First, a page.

ASVS 2.11 Solution:

Passwords should not last forever. This requirement can be implemented through the creation of a password date column stored with the account data in the database. Authentication code can check whether the date has exceeded the defined value and force a password change. The date can be loaded into a session variable upon login and then checked:

  // Check whether the password is over 90 days old (90x24x60x60), 
  // if so, redirect to the change password script.  This would be 
  // part of a header file for each page:
  if (time() - $_SESSION['Password_Age']) > 7776000) {
    header('Location: changePassword.php');
    die();
  }

 
Update the database value for the password age and the $_SESSION[‘Password_Age’] value once the password has been changed.

ASVS 2.12 Requirement:

Verify that all authentication decisions are logged.

ASVS 2.12 Solution:

The application should be designed such that all suspicious activity (malformed data, authentication failures, etc) is logged. Authentication decisions should be logged regardless of success or failure. You can implement PHP code to log to a file, database, SNMP, or many other mechanisms. These log files should be reviewed and correlated with other security information on a regular basis.

ASVS 2.13 Requirement:

Verify that account passwords are salted using a salt that is unique to that account (e.g., internal user ID, account creation) and hashed before storing.

ASVS 2.13 Solution:

See our solution to ASVS 2.7 above. This can be accomplished by using the username as the salt, the unique ID in the database for the account, or some other unique value tied to the account.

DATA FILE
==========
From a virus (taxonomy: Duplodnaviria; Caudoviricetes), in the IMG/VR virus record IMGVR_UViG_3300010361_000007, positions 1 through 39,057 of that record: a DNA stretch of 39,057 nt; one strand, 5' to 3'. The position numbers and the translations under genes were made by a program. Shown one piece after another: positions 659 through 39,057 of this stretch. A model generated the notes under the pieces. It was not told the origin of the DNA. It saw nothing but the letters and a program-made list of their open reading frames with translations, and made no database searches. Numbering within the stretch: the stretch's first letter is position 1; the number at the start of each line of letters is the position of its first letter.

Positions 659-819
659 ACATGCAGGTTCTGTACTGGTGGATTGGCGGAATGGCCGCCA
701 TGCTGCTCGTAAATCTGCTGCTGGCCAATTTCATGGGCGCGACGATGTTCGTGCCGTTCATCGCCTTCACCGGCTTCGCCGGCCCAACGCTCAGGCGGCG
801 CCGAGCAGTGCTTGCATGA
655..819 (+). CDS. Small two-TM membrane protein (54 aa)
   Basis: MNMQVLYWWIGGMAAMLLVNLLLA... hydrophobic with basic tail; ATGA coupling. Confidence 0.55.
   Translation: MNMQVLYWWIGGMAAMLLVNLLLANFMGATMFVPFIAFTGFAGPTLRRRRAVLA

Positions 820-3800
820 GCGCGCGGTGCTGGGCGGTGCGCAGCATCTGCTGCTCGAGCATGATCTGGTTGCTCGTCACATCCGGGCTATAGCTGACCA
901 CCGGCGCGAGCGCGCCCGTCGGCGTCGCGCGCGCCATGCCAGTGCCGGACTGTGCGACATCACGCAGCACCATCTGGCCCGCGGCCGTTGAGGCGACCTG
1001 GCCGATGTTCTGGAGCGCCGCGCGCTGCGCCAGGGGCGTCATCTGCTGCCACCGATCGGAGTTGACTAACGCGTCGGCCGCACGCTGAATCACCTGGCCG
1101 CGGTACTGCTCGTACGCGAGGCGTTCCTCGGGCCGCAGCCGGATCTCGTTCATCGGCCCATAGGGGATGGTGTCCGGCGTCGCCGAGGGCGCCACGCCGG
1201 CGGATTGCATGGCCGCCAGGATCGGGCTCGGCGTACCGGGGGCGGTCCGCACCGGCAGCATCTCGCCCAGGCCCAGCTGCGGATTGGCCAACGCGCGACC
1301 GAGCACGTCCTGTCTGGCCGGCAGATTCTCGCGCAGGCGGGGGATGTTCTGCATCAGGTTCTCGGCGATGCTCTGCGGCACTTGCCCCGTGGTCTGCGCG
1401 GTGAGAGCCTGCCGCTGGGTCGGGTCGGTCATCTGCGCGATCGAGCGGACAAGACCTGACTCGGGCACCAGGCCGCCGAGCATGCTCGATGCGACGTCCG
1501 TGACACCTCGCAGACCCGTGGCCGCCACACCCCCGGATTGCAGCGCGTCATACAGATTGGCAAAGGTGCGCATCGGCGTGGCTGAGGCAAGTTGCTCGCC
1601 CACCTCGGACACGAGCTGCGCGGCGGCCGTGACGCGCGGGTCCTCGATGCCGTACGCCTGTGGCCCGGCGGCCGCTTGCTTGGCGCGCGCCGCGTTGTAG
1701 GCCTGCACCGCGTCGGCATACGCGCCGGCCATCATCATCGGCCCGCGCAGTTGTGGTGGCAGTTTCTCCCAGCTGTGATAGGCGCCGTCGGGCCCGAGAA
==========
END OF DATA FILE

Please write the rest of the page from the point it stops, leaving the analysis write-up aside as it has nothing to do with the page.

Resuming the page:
ASVS 2.14 Requirement:

Verify that all authentication credentials for accessing services external to the application are encrypted and stored in a protected location (not in source code).

ASVS 2.14 Solution:

Generate or purchase a private key for encrypting/decrypting a credential stored in a separate file. The private key and file should have limited permissions (read only by the application account, in Linux: chmod 400 /path/to/file). Example for decrypting:

  // Read the contents of a private key into a variable
  $pkey = file_get_contents('/path/to/private/key');

  // Read the contents of the encrypted value into a variable
  $cipherText = file_get_contents('/path/to/password/credential');

  // Decrypt with OpenSSL using AES 128 bit algorithm
  $clearText = openssl_decrypt($cipherText, 'aes128', $pkey, false);

 
ASVS 2.15 Requirement:

Verify that all code implementing or using authentication controls is not affected by any malicious code.

ASVS 2.15 Solution:

Scan your code for viruses, or any malicious backdoors. Perform manual and automated code reviews.

Minor Bonus:

In addition to the controls listed above, make sure that you use the HTTP POST method whenever submitting credentials to a web based application. This will prevent the credentials from being stored in the browser history as part of the URL or from being stored in most web server logs (which is what can happen when using GET). Sample form code:

  <form method="POST" action="script_file_goes_here.php">

 
We will finally move on to a new section in our next post. I hope you are excited.

2 Responses to OWASP A3 – Broken Authentication and Session Management Defenses with PHP Part 5

  1. Ardi H says:

    Hi there,

    ASVS 2.7 Requirement:

    Verify that the strength of any authentication credentials are sufficient to withstand attacks that are typical of the threats in the deployed environment.

    Are you sure this is about password hashing? Testing guide https://www.owasp.org/images/5/56/OWASP_Testing_Guide_v3.pdf seems to suggest this is more about how strong passwords users choose for themselves, and about forcing them to choose stronger ones (ie. with numbers, non-letters, capitalization etc).

    Otherwise, great posts! Much appriciated help with my first OWASP ASVS report.

  2. Spiral Security says:

    Ardi H,

    Yes, you are probably correct. This requirement is more likely relating to ensuring users select strong passwords.

    We appreciate the feedback!